As European Union members, the British have the same right to buy in Spain as the Spanish do, although with a few restrictions. However, there are significant legal differences in the sales processes between countries, such as property law, urban planning and coastal law, building regulation, tax law, money laundering regulations, mortgage regulations and consumer rights. What follows therefore, is just a general overview. Like Frank and Diane, you should always get independent legal advice before attempting to buy property in Spain.
Frank and Diane have found the property they like. Their agent now takes them to a local bar to celebrate and explains what will happen next. Firstly they are given a document to sign and asked to pay €5,000 as deposit, because the agents says there are other people looking at the house. Indeed, it could well be being marketed by other agents too, who must be informed that the owner has agreed and stopped all viewings.
Most legal documents will be in Spanish – that being the legal language of the country – so a translation must be given and both signed by the owner and the buyer or their representatives.
There are many ways of buying property in Spain. The type of contract will depend on the type of property, whether new build or resale, the nationality of the buyer (understandably, sellers are more keen to get a binding deposit from an overseas buyer), the speed with which the buyers want matters concluded, and how much they trust the seller. If all the due diligence can be completed quickly it is possible to buy a property in Spain in a day or two, but never attempt to buy quickly if it means skimping on your legal protection. In this guide we describe the usual processes for a foreign (UK) couple buying a resale property.
Frank feels uncomfortable signing this contract, and insists that they will consult their lawyer first. He doesn’t want to be committing to buy the property before any legal checks have been completed. It makes for a slightly awkward celebration but, as Frank says to Diane while the agent isn’t listening – better that than spending years regretting it. As soon as they get back to their hotel, Frank sends a copy of the agreement to their independent lawyer.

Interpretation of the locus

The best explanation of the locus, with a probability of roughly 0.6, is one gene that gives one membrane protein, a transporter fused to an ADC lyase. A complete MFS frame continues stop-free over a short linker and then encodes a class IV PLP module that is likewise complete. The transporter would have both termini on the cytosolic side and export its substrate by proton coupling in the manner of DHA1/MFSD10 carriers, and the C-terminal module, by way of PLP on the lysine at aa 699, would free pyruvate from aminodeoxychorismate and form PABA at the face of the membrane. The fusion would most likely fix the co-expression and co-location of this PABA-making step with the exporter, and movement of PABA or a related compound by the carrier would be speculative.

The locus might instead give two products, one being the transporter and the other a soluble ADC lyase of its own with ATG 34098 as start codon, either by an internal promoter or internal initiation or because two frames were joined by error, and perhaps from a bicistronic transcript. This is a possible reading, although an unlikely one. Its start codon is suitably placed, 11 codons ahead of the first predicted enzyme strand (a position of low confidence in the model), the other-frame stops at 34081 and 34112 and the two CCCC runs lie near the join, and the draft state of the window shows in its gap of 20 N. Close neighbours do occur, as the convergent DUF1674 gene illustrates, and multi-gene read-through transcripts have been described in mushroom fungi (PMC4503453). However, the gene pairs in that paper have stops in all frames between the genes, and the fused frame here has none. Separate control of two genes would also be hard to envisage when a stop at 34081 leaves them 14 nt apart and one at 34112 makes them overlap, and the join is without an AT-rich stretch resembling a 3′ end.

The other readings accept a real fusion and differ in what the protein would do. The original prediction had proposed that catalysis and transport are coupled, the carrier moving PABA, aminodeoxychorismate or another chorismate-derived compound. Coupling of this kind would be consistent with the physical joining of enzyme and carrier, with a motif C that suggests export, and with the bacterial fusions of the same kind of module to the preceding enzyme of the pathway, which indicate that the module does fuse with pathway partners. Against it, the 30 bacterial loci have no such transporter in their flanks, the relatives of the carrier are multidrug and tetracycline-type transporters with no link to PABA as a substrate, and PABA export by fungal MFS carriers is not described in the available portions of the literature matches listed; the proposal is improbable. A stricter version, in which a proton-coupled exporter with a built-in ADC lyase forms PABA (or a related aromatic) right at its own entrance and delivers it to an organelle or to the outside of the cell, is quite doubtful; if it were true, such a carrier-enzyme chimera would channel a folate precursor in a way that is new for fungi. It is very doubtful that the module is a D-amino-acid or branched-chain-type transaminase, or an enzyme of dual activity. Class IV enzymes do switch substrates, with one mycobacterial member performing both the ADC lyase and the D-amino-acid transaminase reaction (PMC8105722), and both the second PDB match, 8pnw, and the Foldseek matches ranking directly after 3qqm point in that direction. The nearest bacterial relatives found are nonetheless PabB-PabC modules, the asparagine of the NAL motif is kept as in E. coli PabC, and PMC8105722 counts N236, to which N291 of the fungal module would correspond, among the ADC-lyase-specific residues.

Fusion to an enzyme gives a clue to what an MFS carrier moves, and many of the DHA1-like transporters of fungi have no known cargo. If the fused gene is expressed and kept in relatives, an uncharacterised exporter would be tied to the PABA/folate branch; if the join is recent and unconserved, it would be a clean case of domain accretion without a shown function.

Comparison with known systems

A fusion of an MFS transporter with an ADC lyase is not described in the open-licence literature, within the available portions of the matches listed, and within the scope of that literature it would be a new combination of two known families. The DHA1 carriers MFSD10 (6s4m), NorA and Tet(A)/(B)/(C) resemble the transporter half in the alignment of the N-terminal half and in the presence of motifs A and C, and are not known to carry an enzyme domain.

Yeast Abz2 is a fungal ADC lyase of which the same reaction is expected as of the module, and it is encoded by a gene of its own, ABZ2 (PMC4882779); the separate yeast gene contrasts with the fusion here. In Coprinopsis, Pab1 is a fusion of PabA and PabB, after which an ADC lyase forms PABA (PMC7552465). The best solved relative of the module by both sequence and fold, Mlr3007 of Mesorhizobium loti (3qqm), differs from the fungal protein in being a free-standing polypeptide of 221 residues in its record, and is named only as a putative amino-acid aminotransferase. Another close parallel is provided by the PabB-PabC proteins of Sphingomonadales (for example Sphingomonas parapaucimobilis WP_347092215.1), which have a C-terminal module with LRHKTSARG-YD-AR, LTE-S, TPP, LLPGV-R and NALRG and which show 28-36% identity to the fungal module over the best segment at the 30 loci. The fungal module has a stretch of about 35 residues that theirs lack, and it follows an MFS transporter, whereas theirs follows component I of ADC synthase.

Frank’s lawyer calls him back and explains that after reading it through, he can confirm that this is simply a “reservation agreement” to take the specified property off the market for, usually, 15-30 days, at the stated price.
It is quite normal to pay a deposit of between €3,000 and €10,000, which will be taken off the final purchase price. By Frank and Diane making the agreement subject to preliminary legal checks, mortgage loan availability on the property and a building survey, the deposit should be returned if there are problems. Estate agents are understandably keen to get overseas buyers – who are prone to getting cold feet when they return home – to sign and pay up while there. And it does secure the property for the couple. However, if they didn’t believe anybody else was imminently trying to buy it, and were not entirely 100% sure themselves, what would be the advantage in paying up? It is a significant amount of money to lose if they later pull out.
However, Frank and Diane decide that they will “lock in” their decision so they sign the agreement and pay the €5,000. Now they are finally ready to celebrate!. The next day, with their lawyer or estate agent they go to the immigration office to start the process of obtaining their NIE number (see box, below). They have also given a down-payment to their lawyer, who starts the search process to ensure that the property is legally the seller’s to sell (and if it is jointly owned, get confirmation that all the owners have agreed to sell), has no debts or sale restrictions on it and has planning permission. At this stage, if there are legal problems not mentioned in the sale particulars they will be entitled to back out and get their deposit repaid. This would not have been possible had they, as some agents will attempt to get buyers to, signed a preliminary sales contract instead of a reservation agreement.
Expatriates living in Spain will usually already have an NIE, as you need one for many transactions; certainly anything that involves paying tax. Property buyers arriving from outside Spain, however, will need to get one. NIE stands for número de identificación de extranjero and is essential for buying property, obtaining mortgages and getting utilities connected. Since Frank and Diane are buying the property jointly they each need an NIE..
It is not complicated to get, but it can take from one day to six weeks. Since you need it to sign the escritura, you will need to apply at an early stage in the buying process. It is often the first thing you do after agreeing on a property, and often the estate agent will help, taking you down to the immigration or tax office and ensuring you have all the correct documentation. Most people apply in person but you can also apply via a Spanish embassy or consulate. You can apply through a representative, or by post. How you may apply can vary between regions.
To apply in person you go to an immigration office (oficina de extranjeros) within a specially designated police station. You must take the following documents:
When you have paid the small fee you will be given a date to come back and collect it (or there is a process for a representative to collect it for you). You will also need the NIE to open a bank account. Money laundering regulations limit how much you can pay in cash and set out the choice of payment methods as part of the sale agreement. Payment will normally be by bank transfer or bank cheque, so it is sensible to open a Spanish bank account and transfer funds from the UK.
Source; AIPP / RICS / RDE